- The duration of the cycle should mimic or exceed the maximum likely duration of a shipping excursion (e.g. 3 days or 72 h for air freight or 3-6 weeks for sea freight)
- Conduct the cycles at the beginning of shelf life and store the samples at the approved or proposed long-term storage conditions for the remainder of the shelf life. Carry out a stability assessment at the end of the shelf life, because biological medicines (particularly those that are complex mixtures extracted from human or animal sources) are sometimes subject to multiphasic and non-linear degradation.
- Apply appropriate stability testing techniques, specifications and intervals.
- For already-registered products, you may incorporate this type of stability study into the design of the annual stability study required under GMP.
Where a cycling study is not available, the sponsor will need to provide a justification, with sufficient supporting evidence, why the product quality has not be impacted.
Reason for approach
We take this approach because most biological medicines are temperature-sensitive and are required to be shipped at the approved storage temperature, which usually means the maintenance of a cold chain. Biological medicines manufactured in Europe and the USA are shipped to Australia after release for supply.
- Shipping is always lengthy due to the distances involved and crosses the equatorial region (Zone IV1) of the globe.
- It is not uncommon that during shipping, excursions from approved storage conditions of extensive duration occur that reach temperatures capable of denaturing proteins.
- Deviations from approved storage conditions may cause a biological medicine to be of unacceptable quality and therefore not suitable for supply.
14.4.5 Manufacturing variations and stability data
Any change in the manufacturing process has the potential to impact the quality of the active substance and/or drug product. Therefore, the impact of the change on quality characteristics and stability has to be assessed, because these are integral to the overall assessment of comparability of biological medicines before and after changes are made in the manufacturing process.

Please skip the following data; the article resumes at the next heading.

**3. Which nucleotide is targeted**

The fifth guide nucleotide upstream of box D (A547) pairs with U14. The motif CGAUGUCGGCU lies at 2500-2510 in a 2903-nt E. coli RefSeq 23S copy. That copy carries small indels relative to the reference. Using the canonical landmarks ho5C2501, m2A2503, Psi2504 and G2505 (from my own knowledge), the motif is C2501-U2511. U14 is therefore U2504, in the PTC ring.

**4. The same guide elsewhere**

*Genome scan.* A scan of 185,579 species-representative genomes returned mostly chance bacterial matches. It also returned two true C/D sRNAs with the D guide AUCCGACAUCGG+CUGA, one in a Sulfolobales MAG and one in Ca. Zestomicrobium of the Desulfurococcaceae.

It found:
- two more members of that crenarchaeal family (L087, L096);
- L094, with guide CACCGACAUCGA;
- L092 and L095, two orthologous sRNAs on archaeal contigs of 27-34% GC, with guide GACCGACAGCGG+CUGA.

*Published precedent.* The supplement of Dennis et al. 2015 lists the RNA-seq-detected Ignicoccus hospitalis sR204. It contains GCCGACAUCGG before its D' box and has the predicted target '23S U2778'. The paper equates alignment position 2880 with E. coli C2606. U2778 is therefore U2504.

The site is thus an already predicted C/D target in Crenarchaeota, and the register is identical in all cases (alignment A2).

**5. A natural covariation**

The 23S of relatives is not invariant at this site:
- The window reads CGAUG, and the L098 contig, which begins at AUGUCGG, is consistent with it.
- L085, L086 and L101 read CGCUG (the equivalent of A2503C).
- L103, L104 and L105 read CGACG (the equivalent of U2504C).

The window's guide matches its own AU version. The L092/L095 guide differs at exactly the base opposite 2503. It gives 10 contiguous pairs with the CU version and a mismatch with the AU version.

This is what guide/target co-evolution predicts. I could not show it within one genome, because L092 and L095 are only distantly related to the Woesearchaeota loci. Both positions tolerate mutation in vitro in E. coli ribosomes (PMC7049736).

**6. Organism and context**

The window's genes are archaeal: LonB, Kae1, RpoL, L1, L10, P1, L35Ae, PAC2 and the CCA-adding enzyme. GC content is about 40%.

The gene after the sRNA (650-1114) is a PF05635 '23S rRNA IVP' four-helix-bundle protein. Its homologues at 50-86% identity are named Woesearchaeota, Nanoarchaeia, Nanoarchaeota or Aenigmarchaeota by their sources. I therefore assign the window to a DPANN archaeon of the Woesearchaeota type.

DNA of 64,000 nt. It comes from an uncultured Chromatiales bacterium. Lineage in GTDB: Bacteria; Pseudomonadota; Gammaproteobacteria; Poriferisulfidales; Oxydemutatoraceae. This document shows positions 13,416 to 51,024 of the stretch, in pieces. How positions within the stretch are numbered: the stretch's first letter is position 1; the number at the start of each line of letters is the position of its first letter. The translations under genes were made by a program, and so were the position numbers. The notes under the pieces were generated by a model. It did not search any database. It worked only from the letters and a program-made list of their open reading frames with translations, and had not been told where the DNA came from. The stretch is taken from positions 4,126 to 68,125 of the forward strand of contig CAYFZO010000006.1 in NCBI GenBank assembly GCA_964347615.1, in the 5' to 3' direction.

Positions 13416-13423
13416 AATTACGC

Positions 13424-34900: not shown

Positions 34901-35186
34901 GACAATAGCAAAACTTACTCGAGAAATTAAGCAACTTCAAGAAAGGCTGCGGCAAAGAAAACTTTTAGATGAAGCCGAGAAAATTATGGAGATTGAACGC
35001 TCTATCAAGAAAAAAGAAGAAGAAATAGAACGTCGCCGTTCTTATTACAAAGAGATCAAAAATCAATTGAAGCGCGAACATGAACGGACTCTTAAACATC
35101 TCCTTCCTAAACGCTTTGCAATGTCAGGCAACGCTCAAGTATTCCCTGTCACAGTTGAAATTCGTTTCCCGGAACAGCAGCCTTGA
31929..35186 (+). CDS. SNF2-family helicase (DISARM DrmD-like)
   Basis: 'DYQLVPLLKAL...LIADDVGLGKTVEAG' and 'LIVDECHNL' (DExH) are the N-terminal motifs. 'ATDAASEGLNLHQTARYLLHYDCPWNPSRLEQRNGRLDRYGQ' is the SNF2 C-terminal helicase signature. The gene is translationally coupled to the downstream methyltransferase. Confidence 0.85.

In addition to other comparability or characterisation studies of quality aspects, for manufacturing changes that might lead to changes in the protein structure, purity, impurities profiles and potency:
- Conduct a real-time stability study on the active substance or the drug product, depending on the point at which the change in the manufacturing process takes place.
- Justify the number of batches included in the stability study.
- Design the stability studies to cover the entire duration of the approved shelf life.
For example, a change in the manufacturing process during production of the active substance will require that a stability study be conducted, at the minimum, on the active substance. Where the change occurs after the manufacture of the active substance, that is during the manufacture of the drug product, stability study on the final drug product will be required. Additional stability studies, on the active substance or drug product in each of the cases above, may be conducted to provide further support for the proposed change, if you consider this necessary.
Recommended batch number and study duration
Data submitted to support major manufacturing changes (e.g., establishment of a new host cell line, change to a critical raw material, change of a critical step etc.) should include stability data using at least three batches of the drug product and conducted for the length of the approved shelf life. Comparability of the pre- and post-change stability data should be provided.
The stability study may be conducted with reduced number of batches when the sponsor can demonstrate all of the following:
- that there is a history of the active substance or drug product stability
- that the manufacturing changes are deemed minor
- with appropriate validation and specifications data that the active substance or product are unaffected by the change.
The applicant may submit an available stability study that does not cover the entire duration of the shelf life for evaluation provided that robust comparability data that permits trend analyses is submitted. This should be accompanied by a commitment to complete the ongoing stability study and report any confirmed out of specification results to the TGA. Acceptability of these abridged stability studies will be considered on a case-by-case basis.
Related European Union guidelines
- Note for guidance on biotechnological/biological products subject to changes in their manufacturing process (CPMP/ICH/5721/03)
ICH Q1F Stability Data Package for Registration in Climatic Zones III and IV. <https://www.tga.gov.au/sites/default/files/ich042102.pdf>